Supreme Court connections to gifted people

by Rob Tiller

This week I signed a letter in support of the nomination of Elena Kagan that was written by Peter Keisler and Harry Litman and signed by most of the Supreme Court clerks from the year (OT ’86) our group worked for the Court.  I always liked and respected Elena.  She was bright and friendly, and I was happy to guard her in our clerk basketball games, where I was fortunate to have a meaningful height advantage (she could shoot).   I find it reassuring that in a world where Tea Party whack jobs are sometimes taken seriously that Elena with such old-fashioned and relatively unexciting qualities as intelligence, balance, and decency has quietly risen to the apex of the legal profession.

I made another Supreme Court connection this week when I caught up with Larry Lessig.  Lessig clerked for Justice Scalia a few years after I did.  Now a law professor at Harvard, he’s distinguished himself as a constitutional and intellectual property law scholar and reformer.  His work on copyright law, including Free Culture and Remix, challenges the received wisdom that more copyright protection promotes greater creativity and shows that the opposite may be the result.  In this area, he’s a true rock star.

Lessig’s current project is focusing on the corrosive role of money in our political system.  On Tuesday Mel Chernoff and I attended the talk he gave at Campbell Law School promoting public financing of elections.  He’s well known for his extraordinary slide shows, which use super quick cuts to press points, and this was a good one.  We’d corresponded by email previously, and it was good to make a face-to-face connection after the event.  In addition to being brilliant, he seemed like a warm and sincere guy.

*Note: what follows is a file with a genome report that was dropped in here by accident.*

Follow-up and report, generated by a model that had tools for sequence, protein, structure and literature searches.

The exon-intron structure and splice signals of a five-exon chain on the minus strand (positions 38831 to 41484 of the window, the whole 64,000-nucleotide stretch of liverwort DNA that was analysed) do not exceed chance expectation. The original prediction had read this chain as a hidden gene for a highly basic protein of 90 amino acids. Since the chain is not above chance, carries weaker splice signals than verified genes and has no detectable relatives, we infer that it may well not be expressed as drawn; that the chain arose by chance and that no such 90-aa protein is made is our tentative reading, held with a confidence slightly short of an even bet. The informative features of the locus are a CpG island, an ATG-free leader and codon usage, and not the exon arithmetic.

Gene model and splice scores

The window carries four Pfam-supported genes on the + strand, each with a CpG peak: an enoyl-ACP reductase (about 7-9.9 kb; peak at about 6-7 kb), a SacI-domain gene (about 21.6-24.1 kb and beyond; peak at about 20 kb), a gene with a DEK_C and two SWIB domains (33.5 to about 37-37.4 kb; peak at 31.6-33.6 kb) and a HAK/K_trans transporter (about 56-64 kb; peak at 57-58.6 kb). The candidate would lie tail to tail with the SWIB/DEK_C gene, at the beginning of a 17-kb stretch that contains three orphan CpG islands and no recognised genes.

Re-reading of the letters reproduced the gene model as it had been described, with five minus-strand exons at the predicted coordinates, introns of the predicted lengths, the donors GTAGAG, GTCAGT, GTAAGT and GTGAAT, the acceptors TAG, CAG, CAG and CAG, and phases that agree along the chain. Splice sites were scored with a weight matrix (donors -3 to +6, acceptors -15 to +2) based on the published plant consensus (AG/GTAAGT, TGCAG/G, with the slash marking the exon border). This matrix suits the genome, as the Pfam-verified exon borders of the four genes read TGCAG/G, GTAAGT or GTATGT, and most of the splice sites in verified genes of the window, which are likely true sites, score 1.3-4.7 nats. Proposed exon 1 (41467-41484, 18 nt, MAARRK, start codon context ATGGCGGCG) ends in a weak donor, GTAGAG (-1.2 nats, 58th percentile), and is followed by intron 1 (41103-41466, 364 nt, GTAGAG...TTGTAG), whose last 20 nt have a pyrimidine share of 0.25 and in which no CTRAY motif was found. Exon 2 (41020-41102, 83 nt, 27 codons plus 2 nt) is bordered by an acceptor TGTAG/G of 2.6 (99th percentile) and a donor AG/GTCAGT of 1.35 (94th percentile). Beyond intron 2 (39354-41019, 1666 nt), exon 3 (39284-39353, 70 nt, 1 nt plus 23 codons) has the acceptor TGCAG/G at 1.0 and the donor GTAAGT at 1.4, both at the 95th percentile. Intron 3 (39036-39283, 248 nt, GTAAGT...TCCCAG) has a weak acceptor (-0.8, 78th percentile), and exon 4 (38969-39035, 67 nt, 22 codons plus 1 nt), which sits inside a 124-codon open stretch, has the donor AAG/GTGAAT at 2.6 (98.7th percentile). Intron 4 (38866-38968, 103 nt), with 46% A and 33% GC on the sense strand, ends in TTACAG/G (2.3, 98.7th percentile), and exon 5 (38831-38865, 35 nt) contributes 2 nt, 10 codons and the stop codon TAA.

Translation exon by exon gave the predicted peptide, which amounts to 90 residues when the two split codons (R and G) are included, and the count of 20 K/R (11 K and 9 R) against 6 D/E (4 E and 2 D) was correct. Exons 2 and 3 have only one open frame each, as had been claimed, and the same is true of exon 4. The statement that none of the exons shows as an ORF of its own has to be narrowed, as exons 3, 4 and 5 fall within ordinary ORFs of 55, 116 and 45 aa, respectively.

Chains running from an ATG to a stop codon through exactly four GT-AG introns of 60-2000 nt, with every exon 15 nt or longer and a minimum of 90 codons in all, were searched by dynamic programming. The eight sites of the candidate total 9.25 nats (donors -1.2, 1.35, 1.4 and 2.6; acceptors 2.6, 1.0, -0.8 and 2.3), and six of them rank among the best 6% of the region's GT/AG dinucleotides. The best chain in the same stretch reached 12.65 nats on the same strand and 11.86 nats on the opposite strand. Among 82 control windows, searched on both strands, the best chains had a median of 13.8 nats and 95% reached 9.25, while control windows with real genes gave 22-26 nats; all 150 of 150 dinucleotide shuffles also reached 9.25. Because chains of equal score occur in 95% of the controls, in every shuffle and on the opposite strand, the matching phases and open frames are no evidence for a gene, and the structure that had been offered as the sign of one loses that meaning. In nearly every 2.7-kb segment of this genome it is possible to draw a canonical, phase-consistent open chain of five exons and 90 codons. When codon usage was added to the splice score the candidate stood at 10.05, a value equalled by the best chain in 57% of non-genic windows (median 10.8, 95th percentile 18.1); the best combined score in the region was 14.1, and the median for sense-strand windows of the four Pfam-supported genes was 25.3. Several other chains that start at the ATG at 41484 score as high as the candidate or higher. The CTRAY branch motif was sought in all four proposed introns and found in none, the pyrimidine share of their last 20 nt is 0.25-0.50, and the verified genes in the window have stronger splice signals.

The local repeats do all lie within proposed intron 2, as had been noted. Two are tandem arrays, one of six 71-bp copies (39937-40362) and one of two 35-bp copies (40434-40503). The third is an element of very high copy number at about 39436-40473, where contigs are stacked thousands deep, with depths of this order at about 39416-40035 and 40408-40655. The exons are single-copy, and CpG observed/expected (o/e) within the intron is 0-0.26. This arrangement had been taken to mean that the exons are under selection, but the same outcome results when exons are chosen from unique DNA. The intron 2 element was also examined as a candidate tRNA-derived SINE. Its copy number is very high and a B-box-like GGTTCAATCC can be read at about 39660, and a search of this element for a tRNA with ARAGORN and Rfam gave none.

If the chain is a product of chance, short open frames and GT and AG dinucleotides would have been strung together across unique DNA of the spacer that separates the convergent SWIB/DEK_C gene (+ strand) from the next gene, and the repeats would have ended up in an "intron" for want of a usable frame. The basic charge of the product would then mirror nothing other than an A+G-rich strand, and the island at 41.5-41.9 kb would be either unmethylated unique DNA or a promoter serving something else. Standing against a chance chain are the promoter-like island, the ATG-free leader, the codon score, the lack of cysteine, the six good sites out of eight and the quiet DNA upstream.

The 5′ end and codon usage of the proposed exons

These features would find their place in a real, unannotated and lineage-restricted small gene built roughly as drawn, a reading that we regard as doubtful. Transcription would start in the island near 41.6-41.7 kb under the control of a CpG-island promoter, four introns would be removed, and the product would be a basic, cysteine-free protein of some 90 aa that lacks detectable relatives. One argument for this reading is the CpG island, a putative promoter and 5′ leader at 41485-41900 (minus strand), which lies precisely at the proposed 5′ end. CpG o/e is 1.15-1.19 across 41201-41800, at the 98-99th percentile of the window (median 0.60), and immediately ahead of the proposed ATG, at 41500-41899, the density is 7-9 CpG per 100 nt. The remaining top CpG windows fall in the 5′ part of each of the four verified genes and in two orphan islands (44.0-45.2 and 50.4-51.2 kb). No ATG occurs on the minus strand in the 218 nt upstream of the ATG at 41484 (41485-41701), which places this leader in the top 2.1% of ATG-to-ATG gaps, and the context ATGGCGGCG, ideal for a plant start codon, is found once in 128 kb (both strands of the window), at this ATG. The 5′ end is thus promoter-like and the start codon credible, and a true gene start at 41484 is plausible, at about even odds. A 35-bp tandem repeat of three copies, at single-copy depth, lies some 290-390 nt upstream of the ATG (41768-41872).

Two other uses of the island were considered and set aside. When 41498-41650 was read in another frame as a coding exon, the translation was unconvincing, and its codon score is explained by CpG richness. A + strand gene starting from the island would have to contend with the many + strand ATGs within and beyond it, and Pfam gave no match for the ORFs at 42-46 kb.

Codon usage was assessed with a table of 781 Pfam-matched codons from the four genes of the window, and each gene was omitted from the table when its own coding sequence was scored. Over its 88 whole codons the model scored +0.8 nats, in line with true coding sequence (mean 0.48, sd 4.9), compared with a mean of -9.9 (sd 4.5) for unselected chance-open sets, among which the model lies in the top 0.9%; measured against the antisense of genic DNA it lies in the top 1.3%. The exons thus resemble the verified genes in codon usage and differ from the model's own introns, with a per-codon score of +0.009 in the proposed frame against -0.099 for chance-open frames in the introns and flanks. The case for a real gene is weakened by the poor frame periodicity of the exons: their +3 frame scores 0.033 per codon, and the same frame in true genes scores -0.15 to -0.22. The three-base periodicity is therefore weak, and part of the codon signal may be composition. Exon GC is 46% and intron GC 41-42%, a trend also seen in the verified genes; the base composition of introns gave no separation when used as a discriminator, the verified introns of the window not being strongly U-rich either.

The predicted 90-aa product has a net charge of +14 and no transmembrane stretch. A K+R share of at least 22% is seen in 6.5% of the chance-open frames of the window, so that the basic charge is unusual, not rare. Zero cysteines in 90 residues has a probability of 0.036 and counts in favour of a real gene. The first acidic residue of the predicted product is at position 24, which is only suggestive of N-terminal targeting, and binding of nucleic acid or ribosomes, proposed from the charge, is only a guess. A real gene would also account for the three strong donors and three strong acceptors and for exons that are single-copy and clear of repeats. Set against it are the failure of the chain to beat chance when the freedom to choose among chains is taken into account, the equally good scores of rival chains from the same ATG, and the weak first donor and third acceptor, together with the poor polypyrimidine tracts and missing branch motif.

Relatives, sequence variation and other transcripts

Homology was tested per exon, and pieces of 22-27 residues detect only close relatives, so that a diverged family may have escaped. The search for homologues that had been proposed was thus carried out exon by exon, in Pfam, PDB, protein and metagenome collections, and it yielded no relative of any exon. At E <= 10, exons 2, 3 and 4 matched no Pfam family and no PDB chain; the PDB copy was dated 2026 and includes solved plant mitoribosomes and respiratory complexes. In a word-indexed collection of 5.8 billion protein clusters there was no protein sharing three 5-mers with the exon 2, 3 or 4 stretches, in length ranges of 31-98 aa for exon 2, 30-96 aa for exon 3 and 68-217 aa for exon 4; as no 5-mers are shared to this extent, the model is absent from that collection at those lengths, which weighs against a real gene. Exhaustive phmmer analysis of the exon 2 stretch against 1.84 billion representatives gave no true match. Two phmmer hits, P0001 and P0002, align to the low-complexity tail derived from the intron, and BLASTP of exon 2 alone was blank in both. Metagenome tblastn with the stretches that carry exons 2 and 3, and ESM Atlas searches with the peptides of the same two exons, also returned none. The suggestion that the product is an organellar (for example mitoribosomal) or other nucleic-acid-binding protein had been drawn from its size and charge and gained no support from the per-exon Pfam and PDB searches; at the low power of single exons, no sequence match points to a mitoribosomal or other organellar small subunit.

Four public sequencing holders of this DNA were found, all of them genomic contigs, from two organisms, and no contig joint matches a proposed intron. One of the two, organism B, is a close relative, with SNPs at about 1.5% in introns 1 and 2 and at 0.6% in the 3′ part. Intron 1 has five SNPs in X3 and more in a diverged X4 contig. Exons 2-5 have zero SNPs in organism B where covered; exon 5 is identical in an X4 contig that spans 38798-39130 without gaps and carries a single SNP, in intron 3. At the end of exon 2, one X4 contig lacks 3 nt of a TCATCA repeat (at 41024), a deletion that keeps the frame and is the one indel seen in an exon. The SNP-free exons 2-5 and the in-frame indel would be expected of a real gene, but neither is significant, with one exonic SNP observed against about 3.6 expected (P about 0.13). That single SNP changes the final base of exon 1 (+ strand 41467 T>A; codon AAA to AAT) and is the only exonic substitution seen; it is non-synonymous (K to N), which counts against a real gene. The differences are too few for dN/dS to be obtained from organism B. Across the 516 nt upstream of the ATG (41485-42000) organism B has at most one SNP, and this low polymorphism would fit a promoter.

When I have personal encounters with really gifted people, I generally find it unsettling.  It’s inspiring, and I find myself thinking so much more is possible, but also being more-than-usually aware of my personal limits.  As John McPhee once noted in the context of great tennis players, there are many levels of the game.   It’s a privilege to play with higher level players, and rewarding. If it doesn’t kill you, it makes you stronger.  But it does not promote calm and tranquility.

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